5 Things You Need to Know About What Went Down This Week - August 4

We know you’re busy so we’re breaking down the what’s happenings in the world. Powered by Pressed News, here is your round up of what you need to know about this past week.

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The search for Kam Mcleod, 19, and Bryer Schmegelsky, 18, the suspected B.C. murderers, has ended. On Wednesday morning, B.C. police found two bodies believed to be Mcleod and Schmegelsky in a dense forest not far from where items belonging to the fugitives were found last Friday.
Remind me.
The teens became suspects in a triple murder after 64-year-old Leonard Dyck of Vancouver was found dead near the Dease Lake, B.C. area last month. A few days before Dyck was found, a young couple on a road trip to Alaska was found shot dead on the Alaska highway. The teens fled from B.C. to Manitoba, where they were last seen in the Gillam area. There, police found a burnt Toyota RAV4, the last known vehicle linked to the fugitives. Police have confirmed that the car belonged to Dyck.
What happened next?
It was a tour guide’s sharp eye that spotted the missing clue. Clint Sawchuk saw a blue sleeping bag tangled up in some willows in the Nelson River last Friday. That led police to a wrecked tour boat on the shoreline which eventually led to the discovery of the bodies. This doesn’t necessarily mean the case is closed, but police admit it will be “extremely difficult” to figure out the pairs’ motives. Autopsies are scheduled to confirm their identities and cause of death.



The U.S. released 300 people who were arrested this week in a massive raid in Mississippi by ICE (Immigration and Customs Enforcement).
What happened?
On Wednesday, nearly 700 people were arrested from seven food processing plants for allegedly not having legal documentation to be in the U.S. ICE agents arrived in buses then questioned and arrested workers they deemed “removable aliens.” One of the largest raids in the U.S. led to children getting separated from their parents. ICE says they gave parents access to phones to make arrangements for their children, but critics called the move cruel and harmful to workers and their family members. In June, President Trump tweeted that he would begin an immigration crackdown and ordered ICE agents to remove “millions of illegal aliens.” Some of the 300 people released will now have to go to federal immigration court.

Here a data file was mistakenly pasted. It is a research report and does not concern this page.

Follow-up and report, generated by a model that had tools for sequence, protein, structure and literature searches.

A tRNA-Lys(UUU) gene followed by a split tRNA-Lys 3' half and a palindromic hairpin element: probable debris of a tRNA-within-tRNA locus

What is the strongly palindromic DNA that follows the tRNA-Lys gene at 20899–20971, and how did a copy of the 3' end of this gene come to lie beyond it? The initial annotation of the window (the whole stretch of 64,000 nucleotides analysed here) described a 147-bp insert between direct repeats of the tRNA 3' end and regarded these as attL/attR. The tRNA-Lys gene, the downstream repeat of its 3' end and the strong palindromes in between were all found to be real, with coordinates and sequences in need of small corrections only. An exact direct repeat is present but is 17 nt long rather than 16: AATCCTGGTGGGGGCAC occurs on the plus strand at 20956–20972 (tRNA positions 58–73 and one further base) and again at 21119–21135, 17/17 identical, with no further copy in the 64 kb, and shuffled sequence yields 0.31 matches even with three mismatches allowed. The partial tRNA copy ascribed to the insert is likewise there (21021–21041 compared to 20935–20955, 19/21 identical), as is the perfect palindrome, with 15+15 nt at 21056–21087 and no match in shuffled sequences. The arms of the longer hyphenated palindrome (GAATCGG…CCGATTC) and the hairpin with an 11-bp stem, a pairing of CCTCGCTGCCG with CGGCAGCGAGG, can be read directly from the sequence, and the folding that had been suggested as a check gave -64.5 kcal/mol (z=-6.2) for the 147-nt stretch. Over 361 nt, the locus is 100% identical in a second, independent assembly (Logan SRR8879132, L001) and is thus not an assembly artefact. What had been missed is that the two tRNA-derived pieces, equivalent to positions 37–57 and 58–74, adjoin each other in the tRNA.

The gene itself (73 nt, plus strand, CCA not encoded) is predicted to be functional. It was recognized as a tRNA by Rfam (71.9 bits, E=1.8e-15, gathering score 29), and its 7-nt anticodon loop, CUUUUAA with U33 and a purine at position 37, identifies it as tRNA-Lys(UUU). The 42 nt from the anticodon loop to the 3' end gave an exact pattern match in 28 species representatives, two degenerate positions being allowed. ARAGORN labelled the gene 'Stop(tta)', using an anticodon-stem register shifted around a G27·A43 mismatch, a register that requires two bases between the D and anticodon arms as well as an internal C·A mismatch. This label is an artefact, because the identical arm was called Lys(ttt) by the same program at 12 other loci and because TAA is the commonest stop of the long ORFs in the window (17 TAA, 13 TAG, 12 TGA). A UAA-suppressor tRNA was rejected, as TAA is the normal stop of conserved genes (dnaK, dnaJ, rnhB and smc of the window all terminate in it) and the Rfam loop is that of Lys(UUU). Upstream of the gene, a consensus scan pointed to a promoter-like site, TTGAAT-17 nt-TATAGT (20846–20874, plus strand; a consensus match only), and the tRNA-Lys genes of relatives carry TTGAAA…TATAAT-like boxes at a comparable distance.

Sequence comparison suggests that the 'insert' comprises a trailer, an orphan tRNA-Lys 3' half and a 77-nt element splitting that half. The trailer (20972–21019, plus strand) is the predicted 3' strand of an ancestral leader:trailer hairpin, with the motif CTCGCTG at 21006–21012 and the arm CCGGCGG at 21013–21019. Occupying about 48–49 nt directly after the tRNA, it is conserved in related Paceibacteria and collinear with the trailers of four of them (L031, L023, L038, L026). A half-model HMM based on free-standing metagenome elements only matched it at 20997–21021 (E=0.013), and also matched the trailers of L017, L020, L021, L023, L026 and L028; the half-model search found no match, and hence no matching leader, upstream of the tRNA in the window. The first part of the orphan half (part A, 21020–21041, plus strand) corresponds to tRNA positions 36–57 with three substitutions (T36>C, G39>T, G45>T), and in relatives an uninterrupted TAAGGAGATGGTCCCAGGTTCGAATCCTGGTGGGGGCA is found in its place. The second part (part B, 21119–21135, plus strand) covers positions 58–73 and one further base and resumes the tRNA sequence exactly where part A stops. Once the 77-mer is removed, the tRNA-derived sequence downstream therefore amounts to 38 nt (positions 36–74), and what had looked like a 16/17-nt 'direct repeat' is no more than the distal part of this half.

India’s PM, Narendra Modi, spoke out for the first time since his government voted to take away the special rights of Jammu and Kashmir (J&K) as a state. On Monday, India’s parliament voted 370-70 to change J&K to a union territory.

What did Modi have to say?
Modi argues the special status discriminated against “non-permanent residents and women of Kashmir” and made it difficult to develop the state. The special status gave the Muslim-majority area the right to its own constitution and ability to make its own rules regarding residency, property ownership, and more. Now, the plan is for India to take over most of these rights and allow people across the country to live and purchase property in the area. Modi said stripping J&K of its special rights is also necessary to stop “terrorism and separatism.”

How are people reacting?
Mostly shocked and angry. Since the announcement on Monday, Kashmiris have been put under curfew, there’s been an internet and phone blackout, and tens of thousands of troops have been sent to the area to prevent protests. Pakistan, which also claims the area as its own, called the move illegal, and PM Imran Khan accused India of Kashmiri genocide. Modi is likely not going to budge on the decision, and experts don’t think the international community is going to ask him to. The UN has, however, expressed concern over the security lockdown.



The situation in Hong Kong has extended across the pond. This week, Canada upped its travel advisory and asked Canadians to “exercise a high degree of caution” if travelling to Hong Kong. The advisory follows similar updates from the U.S., Australia, and Britain. Reminder: it’s been over a month since the Chinese territory broke out into angry protests over a proposed law intended to extradite (transfer) people from Hong Kong to be put on trial in China. The law eventually got squashed, but protests continued. Police have been accused of using excessive force against protesters, and protesters have responded with metal sticks, bricks, and gasoline bombs. If you must travel, make sure to register your name here.



Did you know? 60% of Canadians who say they are struggling financially are women. Lift: the bra project is doing its part to support women in Canada, one bra at a time. Lift collects lightly worn bras and distributes them to women living in poverty across Toronto through partner organizations like Sistering and Jessie’s Centre. If you’d like to make a donation, and your bra passes the best friend test, pick a drop off location here.


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